Skip to main content

The Work of Religion

As a graduate of a couple schools, I get my share of alumni magazines.  Additionally, I get the magazines from some of my two girls’ various universities.  Rather than toss these, I am actually intrigued by what the different universities are offering for my reading.  Clearly in the case of my two girls, I was not the intended audience.  But I am interested in what some of the nation’s best schools want their alums to read.
           
In my own case I clearly am the targeted audience.  Certainly the Divinity School I attended is assuming people like me are reading this material.  I am old enough now and far enough away from the intellectual epicenters, I am not on the cutting edge of religious scholarship.  I am ok with that.  I appreciate scholarship, but also find times when the scholarship is too far out there---too arcane---for the kind of ministry I am doing.  I also am reminded I always felt called to be involved in ministry broadly defined.  My joy is to serve.
           
But I am still intellectually intrigued by a wide-range of thought.  So when a magazine comes, I quickly thumb through the whole issue.  I guess I am either bored or curious!  Then over the next few days, I will begin to read the various articles.  I do not read in order to take an examination and prove how smart I am.  Fortunately, those days are long past!  I read out of an inherent interest in learning something---learning how to think differently or more deeply.
           
Such was my perspective when I saw the title of an article: “The Work of Art and the Art of Life.”  The author was Michael Jackson, a name I did not recognize.  That’s ok with me; I do not need to know the author for him or her to be valuable to me.  I know I have been valuable to some people and they did not know my name!  So I plunged into the article.
           
The article really was about art, but it also had a sub-theme that recognized what can be said about art can also be claimed, for the most part, about religion.  Let me quote one sentence, for example, and make you aware of what the author, Jackson, says in effect, “The same can be said about religion.”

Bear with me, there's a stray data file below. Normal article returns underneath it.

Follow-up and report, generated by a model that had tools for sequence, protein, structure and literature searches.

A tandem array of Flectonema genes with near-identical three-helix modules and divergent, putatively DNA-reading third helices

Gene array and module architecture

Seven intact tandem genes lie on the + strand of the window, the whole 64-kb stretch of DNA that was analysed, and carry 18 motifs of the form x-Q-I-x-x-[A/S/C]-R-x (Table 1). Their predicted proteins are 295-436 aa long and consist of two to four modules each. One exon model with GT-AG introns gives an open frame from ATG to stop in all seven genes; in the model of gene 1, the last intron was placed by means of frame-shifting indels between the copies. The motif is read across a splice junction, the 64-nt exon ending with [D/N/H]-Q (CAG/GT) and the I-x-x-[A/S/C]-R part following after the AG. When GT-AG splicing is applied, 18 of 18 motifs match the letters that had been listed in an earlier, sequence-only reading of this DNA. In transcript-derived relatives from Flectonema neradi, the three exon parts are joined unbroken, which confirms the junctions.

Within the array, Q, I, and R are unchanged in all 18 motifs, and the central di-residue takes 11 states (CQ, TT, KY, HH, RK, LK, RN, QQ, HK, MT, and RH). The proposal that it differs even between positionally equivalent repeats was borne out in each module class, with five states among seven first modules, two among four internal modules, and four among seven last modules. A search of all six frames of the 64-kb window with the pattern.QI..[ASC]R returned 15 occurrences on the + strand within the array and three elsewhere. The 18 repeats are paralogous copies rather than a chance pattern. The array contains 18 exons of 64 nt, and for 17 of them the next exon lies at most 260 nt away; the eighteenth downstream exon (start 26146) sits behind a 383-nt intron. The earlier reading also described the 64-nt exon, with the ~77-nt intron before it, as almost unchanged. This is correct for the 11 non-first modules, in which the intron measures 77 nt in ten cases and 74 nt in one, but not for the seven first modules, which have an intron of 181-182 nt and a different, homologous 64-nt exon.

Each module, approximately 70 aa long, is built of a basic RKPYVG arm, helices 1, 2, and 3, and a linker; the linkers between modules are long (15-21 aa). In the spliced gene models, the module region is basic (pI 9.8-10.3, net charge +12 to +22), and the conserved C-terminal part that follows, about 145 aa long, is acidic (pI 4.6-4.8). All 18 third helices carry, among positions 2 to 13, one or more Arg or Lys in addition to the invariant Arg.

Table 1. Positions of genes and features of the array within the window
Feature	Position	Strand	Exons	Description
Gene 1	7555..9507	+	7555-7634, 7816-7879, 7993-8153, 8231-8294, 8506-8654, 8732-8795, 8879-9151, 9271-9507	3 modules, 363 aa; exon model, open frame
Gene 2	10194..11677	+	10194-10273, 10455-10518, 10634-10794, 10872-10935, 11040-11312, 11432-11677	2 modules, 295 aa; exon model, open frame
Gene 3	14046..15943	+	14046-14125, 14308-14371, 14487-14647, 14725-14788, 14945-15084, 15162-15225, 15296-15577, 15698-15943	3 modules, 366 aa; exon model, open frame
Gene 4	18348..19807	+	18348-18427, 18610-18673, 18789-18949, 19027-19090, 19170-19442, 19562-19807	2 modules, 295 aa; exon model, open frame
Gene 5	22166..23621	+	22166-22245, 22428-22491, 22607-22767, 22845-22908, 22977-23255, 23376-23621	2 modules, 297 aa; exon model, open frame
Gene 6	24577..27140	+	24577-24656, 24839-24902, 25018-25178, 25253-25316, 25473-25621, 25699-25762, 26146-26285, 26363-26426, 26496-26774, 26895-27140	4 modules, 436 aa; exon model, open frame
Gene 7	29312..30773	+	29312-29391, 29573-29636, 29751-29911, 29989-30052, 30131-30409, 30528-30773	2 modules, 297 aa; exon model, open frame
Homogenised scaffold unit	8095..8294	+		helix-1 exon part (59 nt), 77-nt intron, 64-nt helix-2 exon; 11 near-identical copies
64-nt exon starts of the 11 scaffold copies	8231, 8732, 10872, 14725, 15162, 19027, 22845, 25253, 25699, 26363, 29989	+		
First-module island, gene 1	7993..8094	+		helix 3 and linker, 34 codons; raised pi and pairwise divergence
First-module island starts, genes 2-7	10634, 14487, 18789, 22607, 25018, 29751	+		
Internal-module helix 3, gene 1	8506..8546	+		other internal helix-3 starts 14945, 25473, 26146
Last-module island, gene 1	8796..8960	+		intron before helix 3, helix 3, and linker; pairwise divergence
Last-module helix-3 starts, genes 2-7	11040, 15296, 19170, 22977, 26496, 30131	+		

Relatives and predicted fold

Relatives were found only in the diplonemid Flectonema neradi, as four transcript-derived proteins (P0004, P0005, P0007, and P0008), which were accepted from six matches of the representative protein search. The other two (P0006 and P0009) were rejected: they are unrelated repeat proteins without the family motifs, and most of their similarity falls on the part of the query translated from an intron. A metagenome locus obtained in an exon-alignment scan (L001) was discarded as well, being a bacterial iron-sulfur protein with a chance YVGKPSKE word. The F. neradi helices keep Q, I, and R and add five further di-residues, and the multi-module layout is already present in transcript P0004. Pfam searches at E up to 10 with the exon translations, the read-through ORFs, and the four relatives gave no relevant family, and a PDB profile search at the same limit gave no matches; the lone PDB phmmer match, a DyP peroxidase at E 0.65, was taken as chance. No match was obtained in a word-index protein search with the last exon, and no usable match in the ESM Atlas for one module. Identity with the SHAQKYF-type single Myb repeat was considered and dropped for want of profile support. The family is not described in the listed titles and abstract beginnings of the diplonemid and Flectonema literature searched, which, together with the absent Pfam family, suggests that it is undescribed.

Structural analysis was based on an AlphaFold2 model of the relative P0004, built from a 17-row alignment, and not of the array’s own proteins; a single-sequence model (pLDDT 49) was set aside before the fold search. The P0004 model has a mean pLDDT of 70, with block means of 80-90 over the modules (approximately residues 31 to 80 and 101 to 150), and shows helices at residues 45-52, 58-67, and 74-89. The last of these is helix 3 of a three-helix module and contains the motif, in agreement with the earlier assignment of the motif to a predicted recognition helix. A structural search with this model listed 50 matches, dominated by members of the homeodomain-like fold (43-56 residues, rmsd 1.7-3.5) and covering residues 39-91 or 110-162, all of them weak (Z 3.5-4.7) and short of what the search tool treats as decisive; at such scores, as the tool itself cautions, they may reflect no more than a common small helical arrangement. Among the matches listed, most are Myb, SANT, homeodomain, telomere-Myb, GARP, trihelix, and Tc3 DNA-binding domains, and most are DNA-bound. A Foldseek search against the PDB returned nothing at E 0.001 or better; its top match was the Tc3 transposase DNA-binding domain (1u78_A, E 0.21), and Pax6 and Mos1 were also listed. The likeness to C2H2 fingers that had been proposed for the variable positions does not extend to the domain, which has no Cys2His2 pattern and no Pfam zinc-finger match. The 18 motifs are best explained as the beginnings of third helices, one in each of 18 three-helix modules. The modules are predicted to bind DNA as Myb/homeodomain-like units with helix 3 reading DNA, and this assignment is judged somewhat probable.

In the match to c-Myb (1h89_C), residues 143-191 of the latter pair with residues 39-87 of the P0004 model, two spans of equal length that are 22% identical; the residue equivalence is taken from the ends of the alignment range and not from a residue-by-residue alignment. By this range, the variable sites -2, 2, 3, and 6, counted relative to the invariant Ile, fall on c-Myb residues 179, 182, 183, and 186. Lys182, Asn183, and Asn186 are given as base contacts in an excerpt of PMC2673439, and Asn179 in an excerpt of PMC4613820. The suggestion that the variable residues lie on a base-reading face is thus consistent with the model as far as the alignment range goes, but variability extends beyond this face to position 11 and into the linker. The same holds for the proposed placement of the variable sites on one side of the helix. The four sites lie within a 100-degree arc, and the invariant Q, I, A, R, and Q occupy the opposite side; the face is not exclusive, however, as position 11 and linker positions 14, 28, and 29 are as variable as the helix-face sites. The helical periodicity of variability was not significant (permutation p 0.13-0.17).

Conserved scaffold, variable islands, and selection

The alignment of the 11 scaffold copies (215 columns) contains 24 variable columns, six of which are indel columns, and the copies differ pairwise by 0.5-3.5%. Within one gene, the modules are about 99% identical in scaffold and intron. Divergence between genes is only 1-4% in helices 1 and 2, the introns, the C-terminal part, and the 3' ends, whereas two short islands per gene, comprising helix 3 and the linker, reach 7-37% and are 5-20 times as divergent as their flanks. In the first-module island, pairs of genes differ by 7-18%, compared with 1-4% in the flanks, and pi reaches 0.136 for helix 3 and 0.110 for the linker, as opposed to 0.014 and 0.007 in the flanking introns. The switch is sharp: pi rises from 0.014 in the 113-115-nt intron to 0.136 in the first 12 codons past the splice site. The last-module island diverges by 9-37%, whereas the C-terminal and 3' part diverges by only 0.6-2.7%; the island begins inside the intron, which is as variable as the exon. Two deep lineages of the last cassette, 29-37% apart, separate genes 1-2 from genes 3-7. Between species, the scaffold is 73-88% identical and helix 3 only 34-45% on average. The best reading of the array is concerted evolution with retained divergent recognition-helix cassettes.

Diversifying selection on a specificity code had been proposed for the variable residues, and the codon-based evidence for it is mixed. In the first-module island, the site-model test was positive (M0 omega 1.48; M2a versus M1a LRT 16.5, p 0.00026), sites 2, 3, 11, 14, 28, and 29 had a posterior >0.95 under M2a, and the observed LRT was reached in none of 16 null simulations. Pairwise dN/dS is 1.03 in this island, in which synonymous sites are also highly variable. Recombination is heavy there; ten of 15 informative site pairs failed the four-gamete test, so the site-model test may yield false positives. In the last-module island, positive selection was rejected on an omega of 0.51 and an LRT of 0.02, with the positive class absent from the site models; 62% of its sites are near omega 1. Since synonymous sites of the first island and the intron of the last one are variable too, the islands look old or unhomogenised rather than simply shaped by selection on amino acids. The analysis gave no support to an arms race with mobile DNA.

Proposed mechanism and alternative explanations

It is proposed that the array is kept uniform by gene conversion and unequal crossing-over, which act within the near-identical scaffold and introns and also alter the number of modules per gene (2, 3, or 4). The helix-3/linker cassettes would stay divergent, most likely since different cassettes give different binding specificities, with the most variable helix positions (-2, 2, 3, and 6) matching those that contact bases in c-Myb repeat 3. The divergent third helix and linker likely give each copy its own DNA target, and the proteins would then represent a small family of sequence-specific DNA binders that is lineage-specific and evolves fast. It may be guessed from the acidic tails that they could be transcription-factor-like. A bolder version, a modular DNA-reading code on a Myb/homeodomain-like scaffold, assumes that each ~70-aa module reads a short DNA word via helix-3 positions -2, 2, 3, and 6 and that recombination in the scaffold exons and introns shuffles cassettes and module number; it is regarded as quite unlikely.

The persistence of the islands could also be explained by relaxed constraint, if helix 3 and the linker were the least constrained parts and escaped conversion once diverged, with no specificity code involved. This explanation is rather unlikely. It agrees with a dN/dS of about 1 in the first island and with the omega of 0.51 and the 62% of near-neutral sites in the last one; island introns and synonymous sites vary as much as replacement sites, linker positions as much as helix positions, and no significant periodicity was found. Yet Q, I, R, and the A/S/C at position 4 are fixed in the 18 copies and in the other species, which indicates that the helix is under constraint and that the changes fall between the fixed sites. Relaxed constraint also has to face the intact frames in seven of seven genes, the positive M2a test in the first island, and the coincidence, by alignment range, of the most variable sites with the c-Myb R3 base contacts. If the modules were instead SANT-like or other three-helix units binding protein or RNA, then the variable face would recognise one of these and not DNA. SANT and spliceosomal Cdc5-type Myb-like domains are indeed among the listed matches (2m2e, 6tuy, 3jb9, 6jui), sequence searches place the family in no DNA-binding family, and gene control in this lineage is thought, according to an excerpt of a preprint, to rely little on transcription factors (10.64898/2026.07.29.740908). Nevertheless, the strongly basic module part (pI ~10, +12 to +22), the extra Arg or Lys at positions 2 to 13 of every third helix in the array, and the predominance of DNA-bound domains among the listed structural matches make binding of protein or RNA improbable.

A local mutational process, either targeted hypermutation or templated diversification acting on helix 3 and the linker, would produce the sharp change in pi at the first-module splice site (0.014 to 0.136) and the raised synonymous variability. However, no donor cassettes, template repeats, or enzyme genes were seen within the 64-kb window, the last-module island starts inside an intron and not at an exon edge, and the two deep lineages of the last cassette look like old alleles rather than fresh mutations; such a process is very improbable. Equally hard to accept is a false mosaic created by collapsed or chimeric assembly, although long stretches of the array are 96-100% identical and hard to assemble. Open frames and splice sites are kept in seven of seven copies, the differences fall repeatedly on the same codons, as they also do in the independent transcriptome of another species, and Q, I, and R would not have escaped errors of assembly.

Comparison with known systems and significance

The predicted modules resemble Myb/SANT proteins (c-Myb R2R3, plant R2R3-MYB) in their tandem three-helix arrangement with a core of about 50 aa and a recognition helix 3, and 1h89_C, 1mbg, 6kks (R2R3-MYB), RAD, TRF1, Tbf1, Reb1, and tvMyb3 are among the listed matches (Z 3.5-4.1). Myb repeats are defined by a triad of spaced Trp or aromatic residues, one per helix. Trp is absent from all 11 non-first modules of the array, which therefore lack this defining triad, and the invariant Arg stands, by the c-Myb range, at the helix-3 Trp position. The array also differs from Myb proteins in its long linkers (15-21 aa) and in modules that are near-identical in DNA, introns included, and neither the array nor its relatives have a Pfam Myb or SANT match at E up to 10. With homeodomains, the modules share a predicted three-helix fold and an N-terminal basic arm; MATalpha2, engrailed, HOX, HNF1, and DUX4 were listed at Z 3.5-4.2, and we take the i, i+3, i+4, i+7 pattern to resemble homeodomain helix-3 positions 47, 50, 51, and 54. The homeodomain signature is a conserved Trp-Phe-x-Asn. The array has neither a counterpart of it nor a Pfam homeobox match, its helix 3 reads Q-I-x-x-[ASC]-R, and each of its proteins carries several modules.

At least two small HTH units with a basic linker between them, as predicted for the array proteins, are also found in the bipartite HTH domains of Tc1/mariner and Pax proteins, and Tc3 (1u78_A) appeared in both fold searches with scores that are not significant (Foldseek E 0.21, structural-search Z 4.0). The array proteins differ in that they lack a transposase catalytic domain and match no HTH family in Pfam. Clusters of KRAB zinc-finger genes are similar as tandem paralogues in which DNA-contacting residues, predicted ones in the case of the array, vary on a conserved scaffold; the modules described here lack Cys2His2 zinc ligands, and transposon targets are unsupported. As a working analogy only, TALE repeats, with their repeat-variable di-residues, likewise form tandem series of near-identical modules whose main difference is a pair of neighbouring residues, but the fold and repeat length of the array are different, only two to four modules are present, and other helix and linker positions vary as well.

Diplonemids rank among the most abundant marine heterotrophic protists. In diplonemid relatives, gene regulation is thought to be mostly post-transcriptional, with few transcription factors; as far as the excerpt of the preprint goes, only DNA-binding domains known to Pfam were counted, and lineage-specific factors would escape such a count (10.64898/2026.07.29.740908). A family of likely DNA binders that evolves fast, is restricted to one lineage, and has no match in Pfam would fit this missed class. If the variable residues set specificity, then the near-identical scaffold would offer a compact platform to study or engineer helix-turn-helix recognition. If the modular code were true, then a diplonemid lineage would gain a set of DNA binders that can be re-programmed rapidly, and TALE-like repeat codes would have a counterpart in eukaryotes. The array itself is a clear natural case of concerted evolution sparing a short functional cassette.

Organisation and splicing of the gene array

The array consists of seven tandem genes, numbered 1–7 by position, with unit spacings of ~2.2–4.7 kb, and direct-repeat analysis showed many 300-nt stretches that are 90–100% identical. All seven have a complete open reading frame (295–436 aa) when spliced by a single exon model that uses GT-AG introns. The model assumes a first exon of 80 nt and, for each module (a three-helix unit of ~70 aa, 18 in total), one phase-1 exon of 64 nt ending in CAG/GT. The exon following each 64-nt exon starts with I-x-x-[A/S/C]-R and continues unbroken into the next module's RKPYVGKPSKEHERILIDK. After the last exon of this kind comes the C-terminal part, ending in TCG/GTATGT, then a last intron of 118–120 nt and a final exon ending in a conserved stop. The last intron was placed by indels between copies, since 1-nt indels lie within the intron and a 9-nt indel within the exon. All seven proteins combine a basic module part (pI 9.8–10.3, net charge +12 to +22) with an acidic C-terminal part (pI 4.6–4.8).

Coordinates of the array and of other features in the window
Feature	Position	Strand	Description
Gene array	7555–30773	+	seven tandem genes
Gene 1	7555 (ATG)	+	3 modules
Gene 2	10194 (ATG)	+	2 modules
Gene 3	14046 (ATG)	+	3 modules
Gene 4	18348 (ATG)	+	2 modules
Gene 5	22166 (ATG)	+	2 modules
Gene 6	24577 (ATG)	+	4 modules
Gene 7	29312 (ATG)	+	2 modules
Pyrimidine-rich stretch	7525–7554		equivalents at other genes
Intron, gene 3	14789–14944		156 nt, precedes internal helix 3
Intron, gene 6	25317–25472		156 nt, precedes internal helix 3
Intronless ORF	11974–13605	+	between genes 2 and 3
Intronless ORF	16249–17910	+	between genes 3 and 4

Jackson confesses that he is “focusing not on art as an expression of individual genius or an as aesthetic, but on the work of art, where ‘work’ is to be read as a verb rather than a noun and understood as a technê for making life more meaningful, enjoyable, and manageable…Crucial to this point of view is the pragmatist assumption that art (ars) and technê are intimately linked, and that the work of art is a matter of making, acting, and doing before it is a form of knowledge, an object of contemplation, or a thing of beauty.”  I was captivated by these two sentences and want to unpack them and think about them more fully.
           
The first thing that caught my attention was the focus on the “work of art.”  If the same thing can be said, then we appropriately can talk about the “work of religion.”  I find this idea appealing.  I do think religion is often and regularly a work—it takes effort and discipline.  That makes sense to me.
           
I also like the focus on the word, “work,” as a verb rather than a noun.  The verb is the action-word.  Verbs are creative, dynamic and energetic.  Nouns are states of being.  If we apply this to religion, then religion is creative, dynamic and energetic.  Religion does have beliefs, doctrines and rituals.  But these are more like nouns.  They exist and we simply link to them.  But the life of faith is more verb-like: it takes work---today and again tomorrow.
           
Although some folks might not like to think about religion as a technê---a technique---I find that appealing.  The technique is our way of making religion---the making, acting and doing that Jackson mentions.  These are active verbs---religion is the result of active work---of work as an activity.  This makes perfect sense to me, especially if we see religion as an active way of living.  If we simply see religion as accepting a few doctrines, then it makes less sense.